#!/usr/bin/python
"""Different measures of central tendency have different variability.
And it depends on the distribution of the underlying data.
Some distributions are easy to characterize from a random sample. If
your data is normally or uniformly distributed, you can get a pretty
good estimate of the mean, which is also the median, after just ten or
twenty data points.
But some other distributions are not so well-behaved. The exponential
distribution is a common one. Its median is well to the left of its
mean. Does the sample mean or the sample median have greater
variance? I hypothesize, without actually doing the math, that the
sample mean of an exponential distribution has proportionally greater
variance, and therefore the sample median is a better measure to use,
if you have to pick one.
"""
from __future__ import division
import random, math, sys
sample_mean = lambda sample: sum(sample)/len(sample)
sample_means = lambda samples: map(sample_mean, samples)
# wrong for even samples, but close enough:
sample_median = lambda sample: sorted(sample)[len(sample)//2]
sample_medians = lambda samples: map(sample_median, samples)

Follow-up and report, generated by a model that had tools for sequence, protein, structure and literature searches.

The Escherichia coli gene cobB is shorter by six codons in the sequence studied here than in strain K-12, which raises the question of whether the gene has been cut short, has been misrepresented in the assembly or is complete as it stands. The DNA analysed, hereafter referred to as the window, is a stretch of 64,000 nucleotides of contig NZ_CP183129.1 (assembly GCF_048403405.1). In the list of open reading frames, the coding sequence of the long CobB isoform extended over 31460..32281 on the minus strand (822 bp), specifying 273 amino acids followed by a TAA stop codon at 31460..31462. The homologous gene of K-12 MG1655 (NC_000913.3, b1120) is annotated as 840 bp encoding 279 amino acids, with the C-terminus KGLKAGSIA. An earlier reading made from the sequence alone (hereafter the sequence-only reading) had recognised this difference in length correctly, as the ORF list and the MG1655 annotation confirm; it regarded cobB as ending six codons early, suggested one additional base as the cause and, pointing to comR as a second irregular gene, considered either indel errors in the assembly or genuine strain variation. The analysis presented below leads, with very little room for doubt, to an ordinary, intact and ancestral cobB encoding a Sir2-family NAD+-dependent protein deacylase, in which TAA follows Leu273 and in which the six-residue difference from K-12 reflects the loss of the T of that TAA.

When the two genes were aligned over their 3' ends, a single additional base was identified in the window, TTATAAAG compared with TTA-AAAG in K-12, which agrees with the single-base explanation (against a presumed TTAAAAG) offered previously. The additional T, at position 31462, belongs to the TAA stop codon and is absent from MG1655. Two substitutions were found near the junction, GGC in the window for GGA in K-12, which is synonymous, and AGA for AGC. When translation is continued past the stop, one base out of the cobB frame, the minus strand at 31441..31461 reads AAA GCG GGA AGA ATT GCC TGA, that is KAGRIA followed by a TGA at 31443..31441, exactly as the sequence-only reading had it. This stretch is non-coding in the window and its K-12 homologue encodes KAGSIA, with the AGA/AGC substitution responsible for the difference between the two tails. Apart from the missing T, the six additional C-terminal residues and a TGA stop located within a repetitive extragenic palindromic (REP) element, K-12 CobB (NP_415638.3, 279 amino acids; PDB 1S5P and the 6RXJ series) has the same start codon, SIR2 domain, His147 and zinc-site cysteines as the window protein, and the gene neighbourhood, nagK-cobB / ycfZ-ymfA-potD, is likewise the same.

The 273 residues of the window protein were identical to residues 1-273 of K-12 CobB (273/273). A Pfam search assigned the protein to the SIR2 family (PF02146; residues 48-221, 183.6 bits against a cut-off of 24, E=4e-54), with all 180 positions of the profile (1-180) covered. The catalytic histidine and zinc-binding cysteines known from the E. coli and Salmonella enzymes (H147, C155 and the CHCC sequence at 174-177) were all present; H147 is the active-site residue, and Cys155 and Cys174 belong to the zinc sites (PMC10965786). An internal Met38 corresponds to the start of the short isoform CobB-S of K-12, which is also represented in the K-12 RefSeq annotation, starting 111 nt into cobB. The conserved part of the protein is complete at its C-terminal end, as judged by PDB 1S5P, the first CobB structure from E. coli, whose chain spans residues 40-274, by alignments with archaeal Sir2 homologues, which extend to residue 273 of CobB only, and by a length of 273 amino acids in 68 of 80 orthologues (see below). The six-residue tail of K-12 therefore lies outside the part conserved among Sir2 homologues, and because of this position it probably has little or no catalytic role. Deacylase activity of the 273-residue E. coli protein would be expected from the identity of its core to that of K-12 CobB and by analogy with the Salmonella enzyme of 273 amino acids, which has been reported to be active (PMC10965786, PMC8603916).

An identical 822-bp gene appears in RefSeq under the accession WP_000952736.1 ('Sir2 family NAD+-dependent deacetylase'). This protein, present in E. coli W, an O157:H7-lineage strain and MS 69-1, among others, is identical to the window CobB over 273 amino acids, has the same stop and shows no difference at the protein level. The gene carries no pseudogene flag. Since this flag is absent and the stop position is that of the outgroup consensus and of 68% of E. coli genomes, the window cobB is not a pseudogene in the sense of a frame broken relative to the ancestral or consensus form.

uniform_sample = lambda n: [random.uniform(0, 1) for ii in range(n)]
expo_sample = lambda n: [random.expovariate(1) for ii in range(n)]
def standard_deviation(sample):
mean = sample_mean(sample)
return math.sqrt(sum((x - mean)**2 for x in sample)/(len(sample)-1))
uniform_samples = lambda n, m: [uniform_sample(m) for ii in range(n)]
expo_samples = lambda n, m: [expo_sample(m) for ii in range(n)]
def compare(n, m):
print "%d samples of %d items each:" % (n, m)
print "Uniform:",
describe(uniform_samples(n, m))
print "Exponential:",
describe(expo_samples(n, m))
def describe(samples):
means, medians = sample_means(samples), sample_medians(samples)
print "standard deviation of mean %.2f (mean mean %.2f), of median %.2f (mean median %.2f)" % (standard_deviation(means), sample_mean(means),
standard_deviation(medians), sample_mean(medians))
if __name__ == '__main__':
compare(int(sys.argv[1]), int(sys.argv[2]))